I know that educators *here* do pay quite a bit of attention to social interaction...and I've had to pull back on their reins when they've gotten a little *too* politically correct. While there is a gender bias for girls to end up in care-giving roles in general, I'm not sure how this relates specifically to g/t girls. I've found that some "social interaction" work is definitely needed with my son: a number of kids have the "Whatever posessed you to ________???" reaction to some of his hijinks. Not surprisingly, the less the school bores him, the fewer stunts he pulls, but still, he needs to stay more within the boundaries. However, I think it would be much less likely to see this sort of goofy behavior in a girl, gifted or not. Perhaps you meant that g/t girls were more likely to be withdrawn? (That's a topic I know *NOTHING* about! (LOL))

Phantom,
It sounds as if you have a pretty good handle on what is motivating your mother, but it looks a little bit as if both you and your mother are indulging in the "OK, I'll do the same thing, but get different results" fallacy. You keep telling your mother the same things and expect her to react differently from the way she always has. Don't drop your mom, but you might consider dropping the expectations. It sounds as if your mother keeps hoping that she can entice you into wanting to be more involved with your sister's family. That's a large part of my mother's motivation also. I don't expect Mother to change her hopes, but I can get her to keep it to a dull roar. Part of the problem here is that Mother hopes that, with time, we'll both forget about the major blow-up a few years ago. What I cannot get across to her is that it isn't one particular incident. Self-serving and manipulative behavior are such an integral part of my sister's nature that I have zero confidence in her ability to stay within boundaries. So, when Mother starts talking about my sister or her family, my response is "Next subject?", and she moves on. Not worth getting ruffled about.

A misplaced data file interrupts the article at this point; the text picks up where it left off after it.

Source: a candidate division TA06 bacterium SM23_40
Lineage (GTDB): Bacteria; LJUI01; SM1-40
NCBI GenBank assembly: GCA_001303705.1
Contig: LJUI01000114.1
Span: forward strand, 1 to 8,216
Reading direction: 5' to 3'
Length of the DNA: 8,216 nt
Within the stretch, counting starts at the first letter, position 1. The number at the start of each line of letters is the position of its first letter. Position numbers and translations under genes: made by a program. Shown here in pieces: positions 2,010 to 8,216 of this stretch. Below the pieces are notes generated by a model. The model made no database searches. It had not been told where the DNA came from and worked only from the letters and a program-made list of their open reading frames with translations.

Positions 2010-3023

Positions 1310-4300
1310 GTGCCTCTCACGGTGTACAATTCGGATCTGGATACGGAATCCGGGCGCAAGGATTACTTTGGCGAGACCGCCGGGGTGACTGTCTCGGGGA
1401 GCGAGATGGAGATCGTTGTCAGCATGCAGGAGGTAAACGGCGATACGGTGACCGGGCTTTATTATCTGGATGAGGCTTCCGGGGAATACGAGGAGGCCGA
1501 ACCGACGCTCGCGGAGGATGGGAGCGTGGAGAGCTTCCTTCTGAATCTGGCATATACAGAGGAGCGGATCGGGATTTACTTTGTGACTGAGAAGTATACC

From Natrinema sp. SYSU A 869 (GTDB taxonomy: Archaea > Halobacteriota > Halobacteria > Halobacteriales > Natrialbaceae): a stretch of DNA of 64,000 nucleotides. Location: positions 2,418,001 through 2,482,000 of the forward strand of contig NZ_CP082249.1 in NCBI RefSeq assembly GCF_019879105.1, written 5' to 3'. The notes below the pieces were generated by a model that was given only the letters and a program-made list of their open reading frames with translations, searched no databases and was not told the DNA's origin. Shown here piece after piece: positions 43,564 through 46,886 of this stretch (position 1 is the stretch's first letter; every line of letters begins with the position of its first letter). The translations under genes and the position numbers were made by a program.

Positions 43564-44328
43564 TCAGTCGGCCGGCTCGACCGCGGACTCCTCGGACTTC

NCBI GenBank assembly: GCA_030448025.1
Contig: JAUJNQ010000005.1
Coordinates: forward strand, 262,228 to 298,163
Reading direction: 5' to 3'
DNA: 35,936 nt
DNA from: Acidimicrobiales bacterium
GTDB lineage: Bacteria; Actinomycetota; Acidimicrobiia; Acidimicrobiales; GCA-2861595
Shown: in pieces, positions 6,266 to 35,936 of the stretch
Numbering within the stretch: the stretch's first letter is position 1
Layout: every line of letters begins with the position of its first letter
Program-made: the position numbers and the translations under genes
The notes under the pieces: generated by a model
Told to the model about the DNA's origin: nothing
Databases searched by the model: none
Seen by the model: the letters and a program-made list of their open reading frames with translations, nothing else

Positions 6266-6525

Phantom,